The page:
Update on this story: Second son of missing Tri-Cities grandmother arrested for murder
Tiburcio Larios Rodriguez wanted his wife back.
More than a month had passed since the couple returned from a visit to Mexico, and Estela Torres Rodriguez was living with her adult children, happy to be out from under her controlling husband.
The morning of March 28, the father of nine begged one of his sons to talk to her, to ask her to reunite with her husband.
He professed his love for his wife — while driving back and forth past her Franklin County house in a car with two sons, eventually parking in a field so he could watch the house from afar.
But Estela, his wife of 30 years, was clear. She did not want to get back together.
Two hours later, the 54-year-old grandmother was missing, leaving a pot with chicken burning on the stove.
Investigators would soon discover three large blood stains on the living room carpet, her clothes and jewelry in a Prosser dumpster, cash withdrawn from her account and her SUV abandoned at a rest area.
Yet, one month later, there still is no sign of Estela or her suspected killers — her 63-year-old estranged husband and their 33-year-old son, Clemente Rodriguez Torres.
Searching for answers
Twenty-five search warrants obtained by the Herald give details about what allegedly happened in the hours leading up to Estela’s disappearance and in the days after.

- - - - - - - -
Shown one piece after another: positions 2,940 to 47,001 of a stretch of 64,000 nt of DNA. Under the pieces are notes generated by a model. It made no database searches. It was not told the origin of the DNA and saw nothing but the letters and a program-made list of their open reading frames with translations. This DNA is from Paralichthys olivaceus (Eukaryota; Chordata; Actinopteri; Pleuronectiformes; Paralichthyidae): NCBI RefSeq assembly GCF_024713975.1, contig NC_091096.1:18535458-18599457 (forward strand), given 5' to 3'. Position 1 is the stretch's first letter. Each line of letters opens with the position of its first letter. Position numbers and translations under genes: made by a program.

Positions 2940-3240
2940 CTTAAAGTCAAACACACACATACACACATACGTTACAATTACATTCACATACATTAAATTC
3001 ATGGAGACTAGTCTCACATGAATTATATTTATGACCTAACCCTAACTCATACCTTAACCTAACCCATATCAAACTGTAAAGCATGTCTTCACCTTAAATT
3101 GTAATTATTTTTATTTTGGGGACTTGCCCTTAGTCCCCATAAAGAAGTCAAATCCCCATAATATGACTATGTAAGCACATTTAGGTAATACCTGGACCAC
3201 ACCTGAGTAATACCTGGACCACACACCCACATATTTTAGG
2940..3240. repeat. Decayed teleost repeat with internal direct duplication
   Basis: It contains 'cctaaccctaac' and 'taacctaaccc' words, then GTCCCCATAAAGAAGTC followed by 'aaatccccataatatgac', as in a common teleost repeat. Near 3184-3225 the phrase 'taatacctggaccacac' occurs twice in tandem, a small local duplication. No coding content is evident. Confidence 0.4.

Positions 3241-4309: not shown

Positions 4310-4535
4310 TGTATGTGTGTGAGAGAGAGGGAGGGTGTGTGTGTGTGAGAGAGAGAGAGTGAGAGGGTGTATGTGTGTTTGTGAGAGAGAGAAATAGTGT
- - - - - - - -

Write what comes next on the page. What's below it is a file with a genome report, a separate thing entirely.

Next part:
While those warrants are public, the probable-cause affidavits supporting first-degree murder charges against the father and son remain sealed in Franklin County Superior Court. Both men are wanted on $1 million warrants.
The couple’s other eight children have spent the weeks since desperately searching for answers and their loved ones.
A GoFundMe account was started by daughter Gardenia Rodriguez to help with bringing home the mother of nine.
“The police believe my father and brother have something to do with her disappearance,” she wrote. “The rest of us siblings are completely lost and don’t even understand this situation they left us in.”
She was “a selfless, caring and loving person and never hesitated nor refused to help others when in need,” Gardenia Rodriguez wrote. “If she had $5 left in her pocket and someone needed something, she would give her $5 not caring if she would (be) without anything.”
Franklin County Sheriff Jim Raymond said they keep getting little pieces of information, but have yet to track down Estela or her husband and son.
Drone flight over canyon
Evidence of a violent attack inside the 140 Orchard Road home is why they believe the grandmother of 15 is dead.